This day of the 2017 total solar eclipse may be a good day to write of a total lunar eclipse significant to Frances Rolleston.
Witnesses of the total lunar eclipse of October 13, 1837 reported that the part of the moon in the shadow was invisible, while the part in the penumbra was bright enough to overpower the stars, and that during the total phase, the moon was unusually colorless and faint—a cold gray through which every feature of the moon's surface was distinct.
But it was not the appearance of this phenomena that was significant to Frances. She had returned to Yorkshire, scene of three years of her childhood after her mother's death, and the place where her younger sister had died. She had stayed away for forty years, and upon her return was overcome with grief for all those family and friends who had passed on in the meanwhile. She struggled with regret for not returning sooner, and yet felt the Lord had kept her at her post all those years in the south of England. At last, in a letter dated October 23, 1837, she told the outcome of this mental struggle:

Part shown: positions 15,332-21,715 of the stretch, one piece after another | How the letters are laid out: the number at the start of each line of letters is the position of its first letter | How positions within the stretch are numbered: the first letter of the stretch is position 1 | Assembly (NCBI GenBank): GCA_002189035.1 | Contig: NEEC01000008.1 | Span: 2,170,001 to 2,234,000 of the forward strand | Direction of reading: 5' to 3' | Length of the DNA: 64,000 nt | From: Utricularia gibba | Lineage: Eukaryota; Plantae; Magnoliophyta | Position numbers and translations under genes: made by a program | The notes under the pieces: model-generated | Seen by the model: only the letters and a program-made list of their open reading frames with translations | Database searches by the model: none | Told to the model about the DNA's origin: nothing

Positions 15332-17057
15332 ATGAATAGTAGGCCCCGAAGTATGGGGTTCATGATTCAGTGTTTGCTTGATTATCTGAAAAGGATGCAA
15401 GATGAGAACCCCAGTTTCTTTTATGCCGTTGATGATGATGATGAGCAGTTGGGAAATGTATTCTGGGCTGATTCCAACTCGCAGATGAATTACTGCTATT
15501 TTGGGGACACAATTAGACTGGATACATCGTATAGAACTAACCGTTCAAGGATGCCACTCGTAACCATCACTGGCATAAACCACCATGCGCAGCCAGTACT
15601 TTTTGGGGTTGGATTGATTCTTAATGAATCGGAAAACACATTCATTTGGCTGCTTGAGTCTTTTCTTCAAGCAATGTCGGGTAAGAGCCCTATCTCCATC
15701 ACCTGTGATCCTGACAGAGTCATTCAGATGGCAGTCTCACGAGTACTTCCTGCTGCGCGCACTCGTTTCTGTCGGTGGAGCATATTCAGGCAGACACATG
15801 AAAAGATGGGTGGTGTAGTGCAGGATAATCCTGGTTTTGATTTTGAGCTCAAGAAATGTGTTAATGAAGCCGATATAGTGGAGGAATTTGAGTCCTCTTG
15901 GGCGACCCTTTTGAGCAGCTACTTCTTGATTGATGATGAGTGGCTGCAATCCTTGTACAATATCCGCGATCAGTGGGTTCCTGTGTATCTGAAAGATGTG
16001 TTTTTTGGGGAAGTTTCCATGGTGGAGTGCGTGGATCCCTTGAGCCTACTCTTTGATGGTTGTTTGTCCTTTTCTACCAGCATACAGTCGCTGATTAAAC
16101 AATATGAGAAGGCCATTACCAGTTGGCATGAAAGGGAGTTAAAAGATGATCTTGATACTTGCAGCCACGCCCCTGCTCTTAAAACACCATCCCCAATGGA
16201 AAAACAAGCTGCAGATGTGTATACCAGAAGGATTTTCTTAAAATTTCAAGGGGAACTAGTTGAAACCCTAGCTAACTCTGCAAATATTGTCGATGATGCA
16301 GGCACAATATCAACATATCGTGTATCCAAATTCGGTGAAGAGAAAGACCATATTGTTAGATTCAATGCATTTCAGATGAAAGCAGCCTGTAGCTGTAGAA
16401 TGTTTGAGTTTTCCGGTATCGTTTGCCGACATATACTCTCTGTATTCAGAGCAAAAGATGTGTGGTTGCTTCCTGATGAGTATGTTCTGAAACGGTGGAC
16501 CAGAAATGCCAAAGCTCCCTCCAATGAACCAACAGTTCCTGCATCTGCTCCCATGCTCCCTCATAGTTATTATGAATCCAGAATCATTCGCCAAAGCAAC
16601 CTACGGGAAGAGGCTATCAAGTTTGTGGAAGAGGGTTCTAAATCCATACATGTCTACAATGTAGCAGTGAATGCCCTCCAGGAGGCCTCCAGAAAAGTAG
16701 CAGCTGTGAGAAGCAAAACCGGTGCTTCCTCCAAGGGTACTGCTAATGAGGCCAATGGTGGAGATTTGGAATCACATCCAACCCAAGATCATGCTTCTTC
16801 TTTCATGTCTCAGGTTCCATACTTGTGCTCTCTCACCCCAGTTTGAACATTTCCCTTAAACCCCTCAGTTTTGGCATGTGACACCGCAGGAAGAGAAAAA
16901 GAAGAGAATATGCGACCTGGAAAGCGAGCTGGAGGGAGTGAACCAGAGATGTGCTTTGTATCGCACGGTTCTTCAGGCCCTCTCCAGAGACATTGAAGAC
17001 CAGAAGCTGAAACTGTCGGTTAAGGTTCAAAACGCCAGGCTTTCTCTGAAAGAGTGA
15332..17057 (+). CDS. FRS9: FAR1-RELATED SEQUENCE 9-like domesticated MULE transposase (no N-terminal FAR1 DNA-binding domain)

The day I dined at West Ella was that of the eclipse; there was something awful in the force with which a voice within seemed to ask all day, "Which governs the world, thou or I?" and I replied as often, "Thou, Lord." Again the voice seemed to say, "Which shall govern the world?" and again I was enabled to say, "Thou, Lord!" and this not once nor twice, but continually, all day, and coming home in that solemn, gloomy hour of the eclipse. The voice that questioned seemed quite independent of myself, as the reply seemed mine. That eclipse of the moon is never to be forgotten by me, type of the shade cast over the Church when earth and the things of earth hide from her the light of the Sun of Righteousness.